Christian monasticism was introduced to Western Europe in the fourth century by Saint Athanasius. It caught on quickly in Rome and Italy, and spread to Gaul and other countries. The first monks in Italy and Gaul followed Eastern models and rules, which were usually marked by extreme austerity. It was Saint Benedict who adopted monasticism to European needs, and laid the foundations of the great monastic system which bears his name.
Benedict was born in Norcia in Italy about the year 480, and as a youth studied in Rome. Disliking the licentiousness of the city, and feeling that he had a special call from God, he retired to a cave at Subiaco, about forty miles south of Rome. He lived there for three years. His manner of life attracted followers, and this led to the establishment of a monastery at Subiaco, which still exists. Later, probably in 528 or 529, he went further south and built the great abbey of Monte Cassino in the central Apennines. He remained there until his death in 547, and it is there that he drew up his famous Rule for Monks.
The code of monastic laws and observances is known as the Rule of Saint Benedict. It has been justly called the most important ecclesiastical document of the Middle Ages, and has had a strong influence on the development of European history. Indeed it has come to be regarded as one of the half-dozen fundamental documents of the Western civilisation. Its profoundly Christian and humanitarian ethos has filtered through many channels into the very fabric of society, and countless men and women have, over the past fifteen centuries, found in the Rule clear directions on how to fulfil the Gospel call to serve God and one’s neighbour.
The Eastern monastic idea had been one of individual devotion; whereas Saint Benedict taught the monks of the West the value and advantages of the common life. Monks were to pray; but they were also to work and to help others and show hospitality. The excessive austerities of the Eastern and Celtic monks were excluded, and the Benedictine Rule became notable for its spirit of moderation, reasonableness and adaptability. Consequently, it was adopted almost generally by western monks after Saint Benedict’s death, in preference to other monastic rules, including that of Saint Columbanus (530-615), the great Irish missionary abbot.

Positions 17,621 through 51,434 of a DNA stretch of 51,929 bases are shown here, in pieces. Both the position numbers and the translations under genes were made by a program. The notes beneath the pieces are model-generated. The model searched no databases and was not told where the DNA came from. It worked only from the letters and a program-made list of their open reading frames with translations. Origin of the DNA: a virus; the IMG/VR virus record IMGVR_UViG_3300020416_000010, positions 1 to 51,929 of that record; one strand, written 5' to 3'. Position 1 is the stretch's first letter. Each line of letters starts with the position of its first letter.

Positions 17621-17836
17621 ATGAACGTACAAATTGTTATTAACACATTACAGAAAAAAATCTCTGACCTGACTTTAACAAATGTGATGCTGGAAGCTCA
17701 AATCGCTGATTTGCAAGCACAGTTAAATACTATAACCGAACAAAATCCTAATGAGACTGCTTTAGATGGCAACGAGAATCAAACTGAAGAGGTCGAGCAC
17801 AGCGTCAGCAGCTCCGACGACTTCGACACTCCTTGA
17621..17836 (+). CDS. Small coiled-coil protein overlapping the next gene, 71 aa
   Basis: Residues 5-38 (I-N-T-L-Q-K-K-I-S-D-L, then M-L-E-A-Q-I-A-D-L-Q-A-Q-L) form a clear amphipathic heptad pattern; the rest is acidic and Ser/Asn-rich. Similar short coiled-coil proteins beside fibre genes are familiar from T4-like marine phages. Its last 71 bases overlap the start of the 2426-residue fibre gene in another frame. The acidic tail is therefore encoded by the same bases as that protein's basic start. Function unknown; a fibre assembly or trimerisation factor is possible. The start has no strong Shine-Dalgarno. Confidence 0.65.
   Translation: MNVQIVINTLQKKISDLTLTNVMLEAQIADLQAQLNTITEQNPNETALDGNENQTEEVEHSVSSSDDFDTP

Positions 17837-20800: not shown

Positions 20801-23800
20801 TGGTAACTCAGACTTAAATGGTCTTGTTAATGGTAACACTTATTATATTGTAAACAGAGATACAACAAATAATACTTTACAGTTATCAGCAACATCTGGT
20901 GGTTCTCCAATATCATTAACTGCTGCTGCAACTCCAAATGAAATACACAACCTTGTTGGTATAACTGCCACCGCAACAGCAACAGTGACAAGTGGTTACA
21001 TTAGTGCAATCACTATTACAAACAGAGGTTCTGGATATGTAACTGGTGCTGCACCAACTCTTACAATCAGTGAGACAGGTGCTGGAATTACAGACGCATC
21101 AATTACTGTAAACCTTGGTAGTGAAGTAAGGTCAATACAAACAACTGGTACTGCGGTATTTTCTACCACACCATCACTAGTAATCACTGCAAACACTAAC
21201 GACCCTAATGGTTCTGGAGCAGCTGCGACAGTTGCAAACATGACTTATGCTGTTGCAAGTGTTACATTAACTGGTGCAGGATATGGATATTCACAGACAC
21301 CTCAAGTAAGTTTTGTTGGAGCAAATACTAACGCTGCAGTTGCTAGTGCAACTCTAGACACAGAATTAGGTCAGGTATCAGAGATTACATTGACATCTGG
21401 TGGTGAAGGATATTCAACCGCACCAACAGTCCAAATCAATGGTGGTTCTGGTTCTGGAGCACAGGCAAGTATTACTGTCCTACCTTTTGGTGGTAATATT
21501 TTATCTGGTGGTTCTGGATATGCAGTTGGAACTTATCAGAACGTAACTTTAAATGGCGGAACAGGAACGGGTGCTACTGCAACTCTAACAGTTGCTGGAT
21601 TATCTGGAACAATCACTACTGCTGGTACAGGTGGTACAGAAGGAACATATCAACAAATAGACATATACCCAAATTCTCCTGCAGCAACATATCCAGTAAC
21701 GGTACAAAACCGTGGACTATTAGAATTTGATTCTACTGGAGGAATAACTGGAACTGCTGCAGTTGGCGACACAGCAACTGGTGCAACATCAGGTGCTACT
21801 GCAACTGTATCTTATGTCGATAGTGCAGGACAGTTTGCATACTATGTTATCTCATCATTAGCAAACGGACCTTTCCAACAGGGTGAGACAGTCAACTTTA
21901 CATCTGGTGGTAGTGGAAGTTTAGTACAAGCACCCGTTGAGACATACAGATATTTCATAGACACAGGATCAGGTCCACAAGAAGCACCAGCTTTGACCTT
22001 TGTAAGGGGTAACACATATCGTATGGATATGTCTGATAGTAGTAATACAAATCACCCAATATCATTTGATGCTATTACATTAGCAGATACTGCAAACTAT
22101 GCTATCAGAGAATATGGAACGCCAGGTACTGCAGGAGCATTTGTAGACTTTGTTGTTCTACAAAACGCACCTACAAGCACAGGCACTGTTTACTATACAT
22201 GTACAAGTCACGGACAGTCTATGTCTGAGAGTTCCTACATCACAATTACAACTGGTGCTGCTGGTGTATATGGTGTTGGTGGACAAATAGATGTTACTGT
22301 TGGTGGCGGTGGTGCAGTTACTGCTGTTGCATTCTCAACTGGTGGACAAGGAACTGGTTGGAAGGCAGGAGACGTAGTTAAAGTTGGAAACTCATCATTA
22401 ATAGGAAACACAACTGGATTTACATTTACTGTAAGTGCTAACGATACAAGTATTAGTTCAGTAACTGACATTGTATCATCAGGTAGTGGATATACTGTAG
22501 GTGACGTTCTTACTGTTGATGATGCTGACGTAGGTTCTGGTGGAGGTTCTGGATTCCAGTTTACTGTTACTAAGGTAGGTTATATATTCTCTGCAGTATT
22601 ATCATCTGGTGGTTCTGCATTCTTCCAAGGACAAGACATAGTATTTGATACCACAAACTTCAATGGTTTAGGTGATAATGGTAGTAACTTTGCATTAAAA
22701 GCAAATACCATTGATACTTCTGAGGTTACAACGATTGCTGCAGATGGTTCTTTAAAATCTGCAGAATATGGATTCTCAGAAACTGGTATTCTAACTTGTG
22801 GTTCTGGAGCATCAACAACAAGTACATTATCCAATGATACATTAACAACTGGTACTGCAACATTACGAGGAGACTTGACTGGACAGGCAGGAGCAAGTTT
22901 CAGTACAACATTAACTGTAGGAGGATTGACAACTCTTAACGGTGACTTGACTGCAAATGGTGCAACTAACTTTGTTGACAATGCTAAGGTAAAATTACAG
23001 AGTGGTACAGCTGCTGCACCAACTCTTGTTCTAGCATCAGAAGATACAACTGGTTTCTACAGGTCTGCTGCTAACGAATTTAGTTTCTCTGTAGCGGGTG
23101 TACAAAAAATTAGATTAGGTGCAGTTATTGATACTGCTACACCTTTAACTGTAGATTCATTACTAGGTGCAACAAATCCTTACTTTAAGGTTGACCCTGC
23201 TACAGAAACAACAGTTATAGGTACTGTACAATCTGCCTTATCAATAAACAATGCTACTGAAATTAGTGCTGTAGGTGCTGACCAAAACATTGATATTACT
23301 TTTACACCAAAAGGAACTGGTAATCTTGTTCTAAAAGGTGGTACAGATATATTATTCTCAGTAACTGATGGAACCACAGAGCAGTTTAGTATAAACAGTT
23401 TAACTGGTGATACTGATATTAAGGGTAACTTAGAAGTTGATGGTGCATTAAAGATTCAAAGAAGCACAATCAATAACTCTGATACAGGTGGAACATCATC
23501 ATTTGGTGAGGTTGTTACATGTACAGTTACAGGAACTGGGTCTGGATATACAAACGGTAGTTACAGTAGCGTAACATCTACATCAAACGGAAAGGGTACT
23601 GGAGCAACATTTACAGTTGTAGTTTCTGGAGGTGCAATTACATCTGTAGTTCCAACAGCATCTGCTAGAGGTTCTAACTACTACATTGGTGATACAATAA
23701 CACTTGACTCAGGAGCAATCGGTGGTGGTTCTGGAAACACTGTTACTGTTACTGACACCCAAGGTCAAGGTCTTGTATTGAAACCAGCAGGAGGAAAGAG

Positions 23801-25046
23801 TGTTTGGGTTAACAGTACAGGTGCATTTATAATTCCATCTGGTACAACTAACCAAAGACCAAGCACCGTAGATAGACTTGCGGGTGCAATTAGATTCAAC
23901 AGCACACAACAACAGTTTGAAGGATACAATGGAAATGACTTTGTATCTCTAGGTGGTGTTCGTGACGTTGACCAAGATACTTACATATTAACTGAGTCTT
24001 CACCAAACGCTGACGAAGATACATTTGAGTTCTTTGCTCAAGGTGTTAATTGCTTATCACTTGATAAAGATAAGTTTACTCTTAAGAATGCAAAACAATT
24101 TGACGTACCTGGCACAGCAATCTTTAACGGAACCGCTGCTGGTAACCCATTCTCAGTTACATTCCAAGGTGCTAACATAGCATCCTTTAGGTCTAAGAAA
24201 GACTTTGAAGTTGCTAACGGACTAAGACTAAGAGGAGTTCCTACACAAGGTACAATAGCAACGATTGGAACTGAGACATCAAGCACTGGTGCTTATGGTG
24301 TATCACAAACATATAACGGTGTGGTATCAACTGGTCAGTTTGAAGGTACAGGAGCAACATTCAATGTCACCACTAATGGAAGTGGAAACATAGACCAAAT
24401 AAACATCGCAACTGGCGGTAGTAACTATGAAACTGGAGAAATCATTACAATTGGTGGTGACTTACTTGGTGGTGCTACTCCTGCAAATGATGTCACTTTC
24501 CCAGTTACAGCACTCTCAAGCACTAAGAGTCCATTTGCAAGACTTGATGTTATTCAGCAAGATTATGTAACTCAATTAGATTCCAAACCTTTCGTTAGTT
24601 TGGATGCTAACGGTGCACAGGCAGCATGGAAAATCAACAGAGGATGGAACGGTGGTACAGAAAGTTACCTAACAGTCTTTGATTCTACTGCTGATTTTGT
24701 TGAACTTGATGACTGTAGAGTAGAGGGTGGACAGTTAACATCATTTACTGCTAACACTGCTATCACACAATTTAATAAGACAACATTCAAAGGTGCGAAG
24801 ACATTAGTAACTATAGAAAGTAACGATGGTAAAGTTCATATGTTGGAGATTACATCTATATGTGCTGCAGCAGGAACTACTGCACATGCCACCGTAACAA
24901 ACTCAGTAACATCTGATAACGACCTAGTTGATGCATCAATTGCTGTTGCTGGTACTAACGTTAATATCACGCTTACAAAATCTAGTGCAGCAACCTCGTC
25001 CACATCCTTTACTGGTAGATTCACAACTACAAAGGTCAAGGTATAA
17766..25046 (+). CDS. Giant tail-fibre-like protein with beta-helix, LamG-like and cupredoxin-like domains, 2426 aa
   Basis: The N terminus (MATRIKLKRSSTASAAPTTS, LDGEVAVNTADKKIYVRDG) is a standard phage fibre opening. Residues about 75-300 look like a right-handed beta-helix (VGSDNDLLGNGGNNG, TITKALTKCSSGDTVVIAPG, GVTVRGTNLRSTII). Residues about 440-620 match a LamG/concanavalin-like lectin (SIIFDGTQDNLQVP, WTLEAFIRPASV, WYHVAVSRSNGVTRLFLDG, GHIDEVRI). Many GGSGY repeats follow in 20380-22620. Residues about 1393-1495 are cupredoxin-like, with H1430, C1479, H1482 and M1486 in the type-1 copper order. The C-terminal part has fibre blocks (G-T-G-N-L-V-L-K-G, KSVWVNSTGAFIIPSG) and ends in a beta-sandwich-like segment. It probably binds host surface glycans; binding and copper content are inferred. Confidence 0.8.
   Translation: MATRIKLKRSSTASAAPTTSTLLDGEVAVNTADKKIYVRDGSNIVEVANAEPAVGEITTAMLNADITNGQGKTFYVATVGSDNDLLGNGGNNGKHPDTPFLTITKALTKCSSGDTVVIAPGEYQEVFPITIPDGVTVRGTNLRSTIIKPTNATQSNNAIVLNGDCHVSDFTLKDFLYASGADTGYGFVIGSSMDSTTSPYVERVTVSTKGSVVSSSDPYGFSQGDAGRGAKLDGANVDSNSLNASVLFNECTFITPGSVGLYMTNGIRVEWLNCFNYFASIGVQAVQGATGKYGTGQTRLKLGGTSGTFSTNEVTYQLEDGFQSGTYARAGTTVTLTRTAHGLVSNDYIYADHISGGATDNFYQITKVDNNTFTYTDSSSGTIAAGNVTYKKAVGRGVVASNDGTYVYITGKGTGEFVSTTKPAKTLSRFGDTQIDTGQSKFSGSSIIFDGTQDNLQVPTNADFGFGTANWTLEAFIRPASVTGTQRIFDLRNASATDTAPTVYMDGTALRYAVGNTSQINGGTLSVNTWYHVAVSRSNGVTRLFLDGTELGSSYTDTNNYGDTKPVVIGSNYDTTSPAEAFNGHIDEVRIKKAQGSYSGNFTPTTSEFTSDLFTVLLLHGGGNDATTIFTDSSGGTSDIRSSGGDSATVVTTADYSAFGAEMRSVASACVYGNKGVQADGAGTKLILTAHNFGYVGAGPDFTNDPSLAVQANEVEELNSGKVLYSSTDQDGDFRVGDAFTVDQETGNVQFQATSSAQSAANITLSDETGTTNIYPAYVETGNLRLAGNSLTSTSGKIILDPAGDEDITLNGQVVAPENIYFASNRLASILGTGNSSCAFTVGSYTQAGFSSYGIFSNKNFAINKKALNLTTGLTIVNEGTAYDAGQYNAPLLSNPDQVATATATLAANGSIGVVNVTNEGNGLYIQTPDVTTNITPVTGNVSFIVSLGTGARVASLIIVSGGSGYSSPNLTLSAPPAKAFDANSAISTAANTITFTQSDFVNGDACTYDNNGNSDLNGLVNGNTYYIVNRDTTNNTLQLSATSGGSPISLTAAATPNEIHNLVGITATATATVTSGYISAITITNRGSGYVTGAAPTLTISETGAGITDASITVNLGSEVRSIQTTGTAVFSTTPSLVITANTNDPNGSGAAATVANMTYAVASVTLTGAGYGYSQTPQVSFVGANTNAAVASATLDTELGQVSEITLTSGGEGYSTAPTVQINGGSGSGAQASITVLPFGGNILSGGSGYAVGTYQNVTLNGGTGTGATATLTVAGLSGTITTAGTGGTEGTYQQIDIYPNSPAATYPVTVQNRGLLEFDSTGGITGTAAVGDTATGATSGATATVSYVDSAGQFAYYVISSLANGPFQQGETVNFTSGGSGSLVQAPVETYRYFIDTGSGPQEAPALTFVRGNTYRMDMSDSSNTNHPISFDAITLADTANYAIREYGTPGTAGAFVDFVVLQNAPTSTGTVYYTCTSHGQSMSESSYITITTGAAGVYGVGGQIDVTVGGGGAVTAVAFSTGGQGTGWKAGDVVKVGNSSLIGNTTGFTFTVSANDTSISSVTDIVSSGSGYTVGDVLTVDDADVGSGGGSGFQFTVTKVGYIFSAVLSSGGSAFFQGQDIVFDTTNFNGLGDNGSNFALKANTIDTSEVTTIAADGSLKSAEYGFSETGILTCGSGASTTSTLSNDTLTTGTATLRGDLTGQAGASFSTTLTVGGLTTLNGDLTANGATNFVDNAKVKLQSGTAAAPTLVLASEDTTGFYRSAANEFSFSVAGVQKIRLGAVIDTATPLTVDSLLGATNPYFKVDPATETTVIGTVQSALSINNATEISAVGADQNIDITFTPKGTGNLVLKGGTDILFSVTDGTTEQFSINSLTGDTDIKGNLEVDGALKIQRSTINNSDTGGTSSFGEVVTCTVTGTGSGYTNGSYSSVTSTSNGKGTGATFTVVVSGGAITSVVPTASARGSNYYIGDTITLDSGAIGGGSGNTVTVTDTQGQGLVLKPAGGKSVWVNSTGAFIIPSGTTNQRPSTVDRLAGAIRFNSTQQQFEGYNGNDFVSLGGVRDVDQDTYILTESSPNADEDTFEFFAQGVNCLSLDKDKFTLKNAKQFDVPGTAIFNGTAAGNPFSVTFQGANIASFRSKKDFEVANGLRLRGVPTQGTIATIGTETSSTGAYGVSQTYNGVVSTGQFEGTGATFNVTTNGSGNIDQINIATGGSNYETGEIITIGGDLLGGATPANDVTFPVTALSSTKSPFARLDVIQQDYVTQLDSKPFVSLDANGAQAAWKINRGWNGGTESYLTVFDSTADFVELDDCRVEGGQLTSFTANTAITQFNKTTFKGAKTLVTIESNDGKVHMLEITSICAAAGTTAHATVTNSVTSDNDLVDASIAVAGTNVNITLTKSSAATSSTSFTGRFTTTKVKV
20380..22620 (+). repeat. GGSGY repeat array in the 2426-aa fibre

Benedict’s Rule was actually a compilation drawn from several early Christian sources, though it was, of course, primarily based on Sacred Scripture. In his Prologue, Benedict stated that his motive for writing the Rule was to establish a school dedicated to the service of God. In this school the Christian (and the monk) has to learn to shape his entire life on truly seeking God and coming to Him through love. For Saint Benedict there was only one way to God – to follow Jesus Christ. He told his monks that there is nothing at all they should prefer to Christ. Progress in the monastic life would enable them ‘to walk the way of the commandments of God in unspeakable joy and love.’
During the five centuries which followed Saint Benedict’s death, Benedictine monks were principal agents in developing civilisation, providing learning and spreading the Christian faith throughout Europe. These were known as ‘the monastic centuries.’ With its great liturgical tradition, the Benedictine institute also played a very important part in the development of the Roman Catholic Church. Indeed, it is hardly an exaggeration to say that the history of the Benedictines in the early Middle Ages is practically a history of the Church and of medieval society as well.